What have you done with technology in the last 24-48 hours? I going to assume that you did many, many things including: used your email, looked up sports scores or news, sent a text (or hundreds), purchased a book on Amazon, sent or viewed tweets, updated your wall, and reviewed your calendar to plan a trip to view the foliage. And I can also assume that you did some work with your devices and networked technology as well.
Sometimes “gotcha’s” are annoying or embarrassing, like Uncle Frank’s practical jokes on April 1st. Other times, however, they can be disruptive or worse, such as accepting an offer of a free iPad because you were lucky enough to be randomly selected from all Gmail users … Read the rest of this entry »
Patrick Laverty is a longtime member of CIS’s WebServices Team and the “Go-To Guy” for web application security. He is founder of the Rhode Island chapter of OWASP (Open Web Application Security Project), coordinating monthly meetings, which feature guest speakers (such as PaulDotCom’s and former CIS employee Paul Asadoorian) and provide an opportunity for like-minded folk to network.
Smartphones and tablets now let us put the power of a computer in a pocket, purse or small bag, meaning it is often at hand and on duty 24×7. Add to the mix that these mobile devices tend to carry more personal information than your desk/laptop did, many are unprotected, and the instances of mobile malware have risen 185% in less than a year [ 1 ]. The result? You’re at an ever increasing risk when using your mobile device. So, how best to defend yourself?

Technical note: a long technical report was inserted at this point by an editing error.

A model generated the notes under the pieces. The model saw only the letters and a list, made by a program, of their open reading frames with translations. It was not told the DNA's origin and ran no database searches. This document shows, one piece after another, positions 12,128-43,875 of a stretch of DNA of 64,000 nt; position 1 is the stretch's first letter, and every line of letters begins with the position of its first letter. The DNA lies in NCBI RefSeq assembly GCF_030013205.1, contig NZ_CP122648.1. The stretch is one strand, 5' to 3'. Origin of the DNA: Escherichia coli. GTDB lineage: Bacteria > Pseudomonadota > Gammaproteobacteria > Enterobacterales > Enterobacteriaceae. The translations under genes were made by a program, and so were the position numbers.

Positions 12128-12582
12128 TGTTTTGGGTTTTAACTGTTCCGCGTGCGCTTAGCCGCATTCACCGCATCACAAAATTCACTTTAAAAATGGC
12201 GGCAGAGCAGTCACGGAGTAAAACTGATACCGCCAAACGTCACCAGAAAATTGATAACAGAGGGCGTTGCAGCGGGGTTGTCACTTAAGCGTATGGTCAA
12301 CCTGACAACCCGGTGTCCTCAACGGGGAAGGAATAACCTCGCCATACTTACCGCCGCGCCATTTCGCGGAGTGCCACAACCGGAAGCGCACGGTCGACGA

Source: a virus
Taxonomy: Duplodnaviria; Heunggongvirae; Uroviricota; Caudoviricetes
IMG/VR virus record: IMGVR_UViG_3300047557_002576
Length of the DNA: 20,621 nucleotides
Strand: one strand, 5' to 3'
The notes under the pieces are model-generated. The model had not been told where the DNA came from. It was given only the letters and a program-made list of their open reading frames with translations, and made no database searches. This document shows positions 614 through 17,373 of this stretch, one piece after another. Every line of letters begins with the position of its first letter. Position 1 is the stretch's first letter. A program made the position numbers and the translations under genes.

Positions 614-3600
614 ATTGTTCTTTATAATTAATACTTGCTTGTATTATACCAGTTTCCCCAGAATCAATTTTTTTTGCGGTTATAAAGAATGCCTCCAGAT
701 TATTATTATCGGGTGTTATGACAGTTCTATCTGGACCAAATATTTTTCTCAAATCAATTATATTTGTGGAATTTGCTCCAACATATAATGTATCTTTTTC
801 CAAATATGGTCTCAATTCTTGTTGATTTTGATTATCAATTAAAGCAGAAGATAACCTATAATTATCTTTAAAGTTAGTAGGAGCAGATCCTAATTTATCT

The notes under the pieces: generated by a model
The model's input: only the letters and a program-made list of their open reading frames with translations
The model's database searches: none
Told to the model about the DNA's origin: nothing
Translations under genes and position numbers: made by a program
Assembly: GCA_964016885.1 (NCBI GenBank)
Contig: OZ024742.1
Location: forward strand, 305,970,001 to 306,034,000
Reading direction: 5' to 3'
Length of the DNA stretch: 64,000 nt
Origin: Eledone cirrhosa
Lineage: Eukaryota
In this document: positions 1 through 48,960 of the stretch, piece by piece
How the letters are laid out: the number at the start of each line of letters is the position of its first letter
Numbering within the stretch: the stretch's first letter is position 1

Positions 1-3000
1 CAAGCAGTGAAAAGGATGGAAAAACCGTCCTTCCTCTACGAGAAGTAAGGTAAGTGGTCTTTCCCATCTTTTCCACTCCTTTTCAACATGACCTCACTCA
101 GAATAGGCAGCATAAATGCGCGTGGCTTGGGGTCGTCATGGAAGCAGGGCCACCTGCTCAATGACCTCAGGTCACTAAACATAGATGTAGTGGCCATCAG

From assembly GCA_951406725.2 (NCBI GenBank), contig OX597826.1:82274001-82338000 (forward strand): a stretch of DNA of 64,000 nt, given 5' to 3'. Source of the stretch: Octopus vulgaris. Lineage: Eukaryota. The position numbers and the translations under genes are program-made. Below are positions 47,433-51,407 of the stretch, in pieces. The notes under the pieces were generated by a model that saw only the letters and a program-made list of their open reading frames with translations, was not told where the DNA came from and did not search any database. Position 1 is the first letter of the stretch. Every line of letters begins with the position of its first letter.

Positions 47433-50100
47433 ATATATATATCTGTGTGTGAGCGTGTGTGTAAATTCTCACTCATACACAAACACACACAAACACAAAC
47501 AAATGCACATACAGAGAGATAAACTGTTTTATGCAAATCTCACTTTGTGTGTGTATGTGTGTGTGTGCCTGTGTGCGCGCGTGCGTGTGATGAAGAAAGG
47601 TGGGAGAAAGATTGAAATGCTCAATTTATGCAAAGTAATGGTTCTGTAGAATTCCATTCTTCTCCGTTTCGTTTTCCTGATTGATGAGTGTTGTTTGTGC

Starting in October, Brown Google (GAE) users will be able to add an extra layer of security to their account when accessing it via their mobile phones by using Google’s 2-Step Authentication feature.
The increased use of the cloud for storage, sharing and synchronization has led to many questions to the Information Security group about the use of Dropbox as a secure solution. With this in mind, this June ISG published a position paper on the use of Dropbox here at Brown.
Readers should note that this position paper refers to the public Dropbox and not the Brown solution, dropbox.brown.edu/.
Identity Finder (IDF) software lets you scan your computer to see what personally identifiable information (PII) may be stored on it and take appropriate measures to either secure or remove it.
We know that as a member of the Brown community you are generally very security-conscious, especially when it comes to protecting Brown and/or your own personal information. You are aware of how important passwords are to safeguarding that information. So you do your best to protect passwords, don’t share them, and change one if there is reason to believe it has been compromised.
You are encouraged to start following us during the month of October. New followers of ISGatBrown will be entered in the GO CyBear SMART drawing (October 31) for an iPad and other great prizes. Details at www.brown.edu/go/CyBearSMART.
Chad Tilbury is the guest editor for this issue (OUCH! security awareness newsletter). He has extensive experience investigating computer crimes and is a co-author of the FOR408 Windows Forensics and FOR508 Advanced Forensics and Incident Response classes at the SANS Institute. You can find him on Twitter as @chadtilbury, or on his blog, forensicmethods.com.